I was reading a book on the end of the USSR, and it noted by 1990 many Soviet businesses would only accept U.S. dollars or other hard currency. And other places would give you better treatment if you paid in dollars than rubles. In countries where the dollar is not the official currency, where are U.S. dollars still preferred over the local currency for transactions?
If your currency is unstable or not worth anywhere near the “official” value, then the best option is to resort to something that is both stable and available. Since the US Dollar is the defacto World Currency, and is readily available pretty much everywhere, it fits the bill.
Fun fact, the US dollar is actually the de jure currency of Ecuador. They just gave up all pretense and ditched their own currency officially in 1999-2000.
EDIT: okay, I didn’t read the OP clearly enough the first time, and s/he wants cases where the US dollar isn’t the official currency. My bad.
IIRC, they’re also very fond of our dollar coins, as they hold up better than bills, and it’s not like they’ve the the UST coming in and swapping out their old nasty dollars for crisp new ones all the time.
Also, see wikipedia for a starter list.
Honduras, though my experience is with a tourist destination and it might be different in less visited parts of the country.
That’s not a very good list. Panama has used the US dollar as its legal currency for its entire existence, so its de jure instead of de facto. (Panama has its own coins, but all paper currency is US. Prices may be given in either dollars or “balboas,” the official name of the local currency.) In addition to Ecuador, the US dollar is also the de jure currency in El Salvador (which no longer uses colones at all, although prices are expressed in it).
I know this used to be true, but is it still true even since the Euro has become established?
Bermuda, when I was there ('86).
Actually, now that I recall, Bermuda has its own currency - which is pegged to the US dollar and which uses the same denominations - pennies, nickles, dimes, and quarters. The coins are identical in size and composition to US coins, differing only in the face design.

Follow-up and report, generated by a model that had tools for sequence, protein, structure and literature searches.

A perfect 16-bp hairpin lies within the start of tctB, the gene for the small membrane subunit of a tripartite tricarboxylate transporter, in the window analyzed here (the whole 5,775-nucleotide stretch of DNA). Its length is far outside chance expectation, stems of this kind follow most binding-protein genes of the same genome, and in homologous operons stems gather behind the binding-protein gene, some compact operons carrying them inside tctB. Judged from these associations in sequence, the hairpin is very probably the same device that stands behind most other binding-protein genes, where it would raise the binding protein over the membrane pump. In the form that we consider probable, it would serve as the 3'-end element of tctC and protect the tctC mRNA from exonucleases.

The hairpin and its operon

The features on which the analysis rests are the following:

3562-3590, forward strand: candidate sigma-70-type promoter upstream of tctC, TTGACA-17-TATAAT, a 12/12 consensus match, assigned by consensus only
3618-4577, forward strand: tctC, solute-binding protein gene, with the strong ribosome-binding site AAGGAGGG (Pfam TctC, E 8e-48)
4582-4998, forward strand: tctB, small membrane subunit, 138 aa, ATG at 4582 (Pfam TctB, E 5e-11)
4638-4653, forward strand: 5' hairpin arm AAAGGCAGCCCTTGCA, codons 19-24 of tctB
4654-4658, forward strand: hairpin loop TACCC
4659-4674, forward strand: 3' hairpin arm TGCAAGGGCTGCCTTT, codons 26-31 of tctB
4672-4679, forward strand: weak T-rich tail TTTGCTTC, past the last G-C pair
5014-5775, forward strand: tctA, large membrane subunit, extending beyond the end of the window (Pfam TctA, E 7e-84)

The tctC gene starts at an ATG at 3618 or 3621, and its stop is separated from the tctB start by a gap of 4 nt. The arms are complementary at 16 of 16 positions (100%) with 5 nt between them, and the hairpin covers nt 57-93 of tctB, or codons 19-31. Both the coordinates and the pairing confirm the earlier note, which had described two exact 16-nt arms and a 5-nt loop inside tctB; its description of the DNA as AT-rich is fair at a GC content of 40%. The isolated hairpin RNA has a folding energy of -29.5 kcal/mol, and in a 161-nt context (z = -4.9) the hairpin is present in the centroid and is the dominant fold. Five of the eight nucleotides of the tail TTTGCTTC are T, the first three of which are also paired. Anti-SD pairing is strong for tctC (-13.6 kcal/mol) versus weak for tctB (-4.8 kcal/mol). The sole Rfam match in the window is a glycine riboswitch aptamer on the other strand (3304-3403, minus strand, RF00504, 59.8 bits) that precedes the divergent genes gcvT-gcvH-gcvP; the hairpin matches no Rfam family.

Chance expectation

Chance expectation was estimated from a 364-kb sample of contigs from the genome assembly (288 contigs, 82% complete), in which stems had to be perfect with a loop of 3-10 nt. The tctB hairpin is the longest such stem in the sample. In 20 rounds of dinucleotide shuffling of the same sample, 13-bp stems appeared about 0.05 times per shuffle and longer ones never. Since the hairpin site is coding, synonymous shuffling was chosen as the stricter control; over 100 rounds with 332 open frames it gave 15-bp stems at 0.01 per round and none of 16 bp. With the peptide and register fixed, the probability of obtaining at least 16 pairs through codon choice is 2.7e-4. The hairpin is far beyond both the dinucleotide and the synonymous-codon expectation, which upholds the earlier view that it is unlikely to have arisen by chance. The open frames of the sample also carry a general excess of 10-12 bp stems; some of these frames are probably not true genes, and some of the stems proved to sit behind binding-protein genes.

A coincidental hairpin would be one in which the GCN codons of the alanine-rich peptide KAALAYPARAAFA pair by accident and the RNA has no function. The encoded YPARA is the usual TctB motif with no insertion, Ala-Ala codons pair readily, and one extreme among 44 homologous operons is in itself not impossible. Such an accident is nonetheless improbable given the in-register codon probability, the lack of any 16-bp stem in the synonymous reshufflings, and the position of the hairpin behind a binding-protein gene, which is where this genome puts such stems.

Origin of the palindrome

What good does it do to “peg” (not sure what that means actually, though I’ve heard it a lot) a currency of your own to an already existing currency? If you aren’t very careful with how much you mint/print, then nobody’s going to end up using it, pegged or not. Right?
Back in the previous decade, there was some speculation that the Euro might supplant the US dollar on the world stage, but it never happened. And since there was period of years where people were honestly thinking that the Euro might cease to exist, even the talk of the possibility has vanished, at least for now.
I’ve been to Jamaica dozens of times, and never changed any money. They happily accept US cash everywhere I’ve been (granted, mostly touristy spots). In fact, they get all disappointed if you hand them Jamaican money!
Several come to mind (These countries have their own currencies, but dollars are taken and traded as much or more than local currency):
[li]The Dominican Republic[/li][li]The Bahamas[/li][li]Haiti[/li][li]Nicaragua[/li][/ol]
Hotel prices in Turkey, even for Turks, are often quoted in dollars.
What do you mean by “official currency”? Take Panama, for instance: Officially, the country’s currency is the Balboa, but the exchange rate is nailed down that 1 Balboa = 1 USD. Does the polite fiction of the separate name make a difference?
The Cayman Island dollar is pegged at $1.25 U.S. or at least it was when I was there in 1999. They would accept either. Hotels, and probably other places, would change it all back to you when you were leaving at the same rate with no fee. I thought that was a clever idea because prices would look cheap.
In Perú you can pay with dollar in any place that isn’t a small town. It has a happy coexistance with our own Nuevo Sol.
The bigger spuermarket will show you the total in both soles and dollars.
Panama’s not a good example since the US dollar is official currency too - it’s not just an equal exchange rate. As I said above, paper balboas don’t exist.